My pastor gave me a copy of the Prayer of St. Francis when I went to the Sacrament of Reconciliation during Advent, and I have been praying it every day since. The words that jump out at me almost every day are: Where there is injury, pardon.
Why those words? I ask God, and what does injury mean?
I usually think of injuries as resulting from accidents—wounds that need stitches, casts or surgeries. But what kind of injuries need pardon? In St. Francis’ day the word probably had a different connotation.
As I pray these words every day, I ponder injuries. I tried replacing the word injury with other words to see if it makes more sense to me—sin, hurt, harm, betrayal, etc.—what would warrant pardon?
And is pardon synonymous with forgiveness?
Perhaps it was this prayer that predisposed me to ponder forgiveness this Lent.
I struggle with forgiveness for several reasons, and perhaps the biggest is my fear of looking foolish. I can hear my father’s voice in my head discouraging me from being taken advantage of and encouraging me to stand my ground. It was important to him not to look weak and he was slow to forgive those who had crossed him. To him, forgiving equaled vulnerability and weakness.
Vulnerability was not something he valued.
It took me a long time—and a fair amount of prodding by God—to consider vulnerability as something valuable, something desirable.
I once befriended a women who had committed a horrific crime. She was vilified and hated in our community. The newspapers and television media portrayed her as a monster.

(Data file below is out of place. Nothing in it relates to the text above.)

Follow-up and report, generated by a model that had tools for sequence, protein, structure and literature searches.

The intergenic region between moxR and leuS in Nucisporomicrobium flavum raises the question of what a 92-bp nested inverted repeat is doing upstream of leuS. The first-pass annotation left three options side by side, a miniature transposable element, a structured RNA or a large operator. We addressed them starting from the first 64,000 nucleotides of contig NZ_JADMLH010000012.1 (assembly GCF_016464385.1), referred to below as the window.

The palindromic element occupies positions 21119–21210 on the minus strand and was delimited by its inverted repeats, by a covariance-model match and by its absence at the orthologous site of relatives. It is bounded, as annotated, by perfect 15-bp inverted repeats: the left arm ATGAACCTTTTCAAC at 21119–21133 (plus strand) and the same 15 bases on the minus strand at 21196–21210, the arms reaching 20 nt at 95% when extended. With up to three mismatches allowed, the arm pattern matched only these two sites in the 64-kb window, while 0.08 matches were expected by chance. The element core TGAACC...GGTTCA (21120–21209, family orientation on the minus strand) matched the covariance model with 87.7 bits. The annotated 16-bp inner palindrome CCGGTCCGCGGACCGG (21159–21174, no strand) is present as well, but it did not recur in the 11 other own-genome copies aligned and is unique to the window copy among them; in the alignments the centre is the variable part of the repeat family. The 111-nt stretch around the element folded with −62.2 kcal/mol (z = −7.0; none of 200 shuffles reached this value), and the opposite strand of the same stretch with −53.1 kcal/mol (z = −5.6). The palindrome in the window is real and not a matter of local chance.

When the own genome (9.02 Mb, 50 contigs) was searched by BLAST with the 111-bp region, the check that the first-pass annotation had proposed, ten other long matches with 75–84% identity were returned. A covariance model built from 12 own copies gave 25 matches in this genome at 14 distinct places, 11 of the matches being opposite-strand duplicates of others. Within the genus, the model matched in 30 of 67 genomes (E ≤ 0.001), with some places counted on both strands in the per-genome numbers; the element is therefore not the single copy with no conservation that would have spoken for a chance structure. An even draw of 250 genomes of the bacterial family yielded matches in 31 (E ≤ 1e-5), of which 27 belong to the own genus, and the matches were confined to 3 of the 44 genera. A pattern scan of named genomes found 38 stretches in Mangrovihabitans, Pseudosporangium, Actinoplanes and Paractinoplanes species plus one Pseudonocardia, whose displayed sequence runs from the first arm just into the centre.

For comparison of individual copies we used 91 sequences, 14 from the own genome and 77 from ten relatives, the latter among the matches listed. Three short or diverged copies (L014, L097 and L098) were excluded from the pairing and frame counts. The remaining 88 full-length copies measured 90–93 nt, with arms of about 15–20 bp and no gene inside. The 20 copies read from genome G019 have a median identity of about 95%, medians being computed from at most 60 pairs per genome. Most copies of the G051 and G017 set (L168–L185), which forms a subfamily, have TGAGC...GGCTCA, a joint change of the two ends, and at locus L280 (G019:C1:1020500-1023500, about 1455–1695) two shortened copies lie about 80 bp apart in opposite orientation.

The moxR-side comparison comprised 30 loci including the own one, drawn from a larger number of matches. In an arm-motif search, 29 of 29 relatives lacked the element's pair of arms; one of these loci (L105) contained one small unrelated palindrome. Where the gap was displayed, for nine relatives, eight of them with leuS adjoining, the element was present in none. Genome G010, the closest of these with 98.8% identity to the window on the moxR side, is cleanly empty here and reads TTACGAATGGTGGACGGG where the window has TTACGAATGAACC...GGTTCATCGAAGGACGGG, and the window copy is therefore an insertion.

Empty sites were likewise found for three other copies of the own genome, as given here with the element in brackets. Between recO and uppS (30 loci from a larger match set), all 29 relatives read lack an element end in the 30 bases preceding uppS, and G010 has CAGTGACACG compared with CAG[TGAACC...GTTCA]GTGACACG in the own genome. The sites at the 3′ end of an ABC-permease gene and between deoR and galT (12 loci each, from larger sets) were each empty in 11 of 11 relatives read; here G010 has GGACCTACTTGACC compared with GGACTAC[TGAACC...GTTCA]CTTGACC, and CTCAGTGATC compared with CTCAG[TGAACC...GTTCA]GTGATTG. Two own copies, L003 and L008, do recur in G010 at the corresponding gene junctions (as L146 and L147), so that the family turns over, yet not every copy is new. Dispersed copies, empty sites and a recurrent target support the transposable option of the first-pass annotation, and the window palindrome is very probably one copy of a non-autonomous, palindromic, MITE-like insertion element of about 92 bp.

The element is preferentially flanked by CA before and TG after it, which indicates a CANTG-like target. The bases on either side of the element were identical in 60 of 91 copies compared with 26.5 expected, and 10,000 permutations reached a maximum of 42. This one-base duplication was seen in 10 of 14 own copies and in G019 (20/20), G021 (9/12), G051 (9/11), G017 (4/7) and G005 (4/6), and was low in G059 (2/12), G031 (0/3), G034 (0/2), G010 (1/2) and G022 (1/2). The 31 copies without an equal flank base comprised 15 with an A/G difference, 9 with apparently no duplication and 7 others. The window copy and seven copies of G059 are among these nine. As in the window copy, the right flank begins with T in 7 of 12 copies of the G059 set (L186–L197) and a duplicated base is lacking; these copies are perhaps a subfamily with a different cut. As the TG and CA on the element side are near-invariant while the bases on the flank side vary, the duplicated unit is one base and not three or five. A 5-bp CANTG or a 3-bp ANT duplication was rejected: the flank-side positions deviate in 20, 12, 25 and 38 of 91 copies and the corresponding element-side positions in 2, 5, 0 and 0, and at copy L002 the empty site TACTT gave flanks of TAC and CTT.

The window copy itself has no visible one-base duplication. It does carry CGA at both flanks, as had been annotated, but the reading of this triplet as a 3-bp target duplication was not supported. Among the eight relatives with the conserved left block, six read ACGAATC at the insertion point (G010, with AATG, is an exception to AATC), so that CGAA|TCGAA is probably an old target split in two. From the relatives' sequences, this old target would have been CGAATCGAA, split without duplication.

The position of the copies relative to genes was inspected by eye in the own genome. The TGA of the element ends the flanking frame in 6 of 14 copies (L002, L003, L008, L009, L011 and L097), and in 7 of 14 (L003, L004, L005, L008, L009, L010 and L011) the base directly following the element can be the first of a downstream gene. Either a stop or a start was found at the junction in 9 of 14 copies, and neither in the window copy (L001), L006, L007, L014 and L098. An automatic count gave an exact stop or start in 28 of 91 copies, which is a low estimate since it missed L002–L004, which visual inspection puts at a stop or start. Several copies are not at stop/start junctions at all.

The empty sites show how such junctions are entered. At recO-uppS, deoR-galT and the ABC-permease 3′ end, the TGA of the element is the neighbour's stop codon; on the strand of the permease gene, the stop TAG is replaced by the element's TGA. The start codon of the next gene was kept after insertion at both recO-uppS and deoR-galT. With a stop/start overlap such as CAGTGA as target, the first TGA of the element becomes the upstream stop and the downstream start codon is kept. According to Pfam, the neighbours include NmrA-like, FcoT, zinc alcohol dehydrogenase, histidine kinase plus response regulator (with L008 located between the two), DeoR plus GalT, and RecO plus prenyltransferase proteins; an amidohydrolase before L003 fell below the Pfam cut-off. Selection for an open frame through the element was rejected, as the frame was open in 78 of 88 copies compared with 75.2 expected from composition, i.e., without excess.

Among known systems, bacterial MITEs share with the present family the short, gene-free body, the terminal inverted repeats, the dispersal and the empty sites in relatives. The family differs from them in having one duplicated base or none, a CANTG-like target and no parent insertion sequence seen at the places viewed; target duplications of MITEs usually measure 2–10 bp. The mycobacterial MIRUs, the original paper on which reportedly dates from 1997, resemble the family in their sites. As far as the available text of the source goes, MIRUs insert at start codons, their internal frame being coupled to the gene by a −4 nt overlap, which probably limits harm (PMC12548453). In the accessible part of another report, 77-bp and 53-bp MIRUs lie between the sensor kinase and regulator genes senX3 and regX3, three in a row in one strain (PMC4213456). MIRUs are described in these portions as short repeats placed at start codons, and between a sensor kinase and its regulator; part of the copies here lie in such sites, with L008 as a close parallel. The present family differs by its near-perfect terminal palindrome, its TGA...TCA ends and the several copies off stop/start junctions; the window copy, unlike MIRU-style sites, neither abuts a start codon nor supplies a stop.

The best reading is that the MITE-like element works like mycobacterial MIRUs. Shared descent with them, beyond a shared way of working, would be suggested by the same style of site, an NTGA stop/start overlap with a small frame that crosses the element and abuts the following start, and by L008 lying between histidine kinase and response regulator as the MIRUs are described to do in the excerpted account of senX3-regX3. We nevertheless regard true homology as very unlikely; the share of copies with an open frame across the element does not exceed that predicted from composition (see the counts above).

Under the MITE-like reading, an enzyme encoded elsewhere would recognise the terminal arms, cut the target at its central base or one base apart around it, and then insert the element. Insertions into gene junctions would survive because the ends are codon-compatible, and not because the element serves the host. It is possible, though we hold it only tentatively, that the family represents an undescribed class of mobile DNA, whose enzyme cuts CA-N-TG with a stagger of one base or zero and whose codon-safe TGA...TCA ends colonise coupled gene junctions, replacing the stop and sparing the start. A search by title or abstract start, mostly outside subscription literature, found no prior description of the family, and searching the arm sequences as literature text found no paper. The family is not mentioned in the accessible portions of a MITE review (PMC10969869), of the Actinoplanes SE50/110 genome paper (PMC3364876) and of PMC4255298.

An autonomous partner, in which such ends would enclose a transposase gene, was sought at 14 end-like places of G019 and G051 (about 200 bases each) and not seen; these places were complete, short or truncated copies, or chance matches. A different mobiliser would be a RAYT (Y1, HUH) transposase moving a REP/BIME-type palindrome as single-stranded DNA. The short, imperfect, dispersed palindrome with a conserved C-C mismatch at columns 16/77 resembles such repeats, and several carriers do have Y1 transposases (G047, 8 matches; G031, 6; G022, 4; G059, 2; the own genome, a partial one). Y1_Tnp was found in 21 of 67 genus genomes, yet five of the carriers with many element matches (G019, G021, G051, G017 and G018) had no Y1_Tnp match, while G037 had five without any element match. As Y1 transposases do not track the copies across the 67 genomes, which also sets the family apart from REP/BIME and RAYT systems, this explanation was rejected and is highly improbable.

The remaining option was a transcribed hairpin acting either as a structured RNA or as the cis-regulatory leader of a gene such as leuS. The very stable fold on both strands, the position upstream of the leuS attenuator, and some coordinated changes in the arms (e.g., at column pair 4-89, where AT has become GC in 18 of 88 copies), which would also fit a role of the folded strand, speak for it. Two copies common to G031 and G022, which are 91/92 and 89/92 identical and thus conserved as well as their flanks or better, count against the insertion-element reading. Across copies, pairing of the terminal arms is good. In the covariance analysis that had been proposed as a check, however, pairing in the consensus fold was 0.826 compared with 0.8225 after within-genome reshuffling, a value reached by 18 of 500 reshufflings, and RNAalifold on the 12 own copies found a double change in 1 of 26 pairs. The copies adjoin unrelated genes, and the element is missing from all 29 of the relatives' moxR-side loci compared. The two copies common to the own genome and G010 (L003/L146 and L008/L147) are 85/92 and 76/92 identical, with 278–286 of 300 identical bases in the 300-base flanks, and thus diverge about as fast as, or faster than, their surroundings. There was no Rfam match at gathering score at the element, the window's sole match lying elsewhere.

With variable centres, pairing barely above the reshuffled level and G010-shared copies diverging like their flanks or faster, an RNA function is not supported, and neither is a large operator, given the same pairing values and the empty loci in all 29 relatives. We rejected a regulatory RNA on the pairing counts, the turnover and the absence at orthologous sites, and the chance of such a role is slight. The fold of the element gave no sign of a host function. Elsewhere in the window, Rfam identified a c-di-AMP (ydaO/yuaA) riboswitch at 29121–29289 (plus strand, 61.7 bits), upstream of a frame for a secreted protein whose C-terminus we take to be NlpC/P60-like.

But God placed her on my heart, and I could not stop thinking about her—and feeling compassion for her. It was as if God was showing me how God saw her—not the monster she was portrayed in the news, but as a person who, no matter what she had done, was still a child of God.
Not many people knew about my visits to her in prison or of our friendship. Sometimes, the things God asks of me seem outrageous even to me.
This particular friendship has been resurfacing this Lent. She was a woman who needed pardon, forgiveness and acceptance.
Perhaps she has been coming to mind because of all the mass shootings in our country. My friend had a history of mental illness and a record of multiple hospitalizations related to her mental illness. Yet she was able to walk into a store and buy a gun. No questions asked. No thought to why she wanted a gun or what she might do with it. No concerns that she would walk into the mall and open fire.
Or perhaps she has been coming to mind because she taught me so much about vulnerability and forgiveness.
I suppose God has been nudging me toward acknowledging my vulnerability for a long time, teaching me that embracing my own vulnerability puts me on the path to pardon.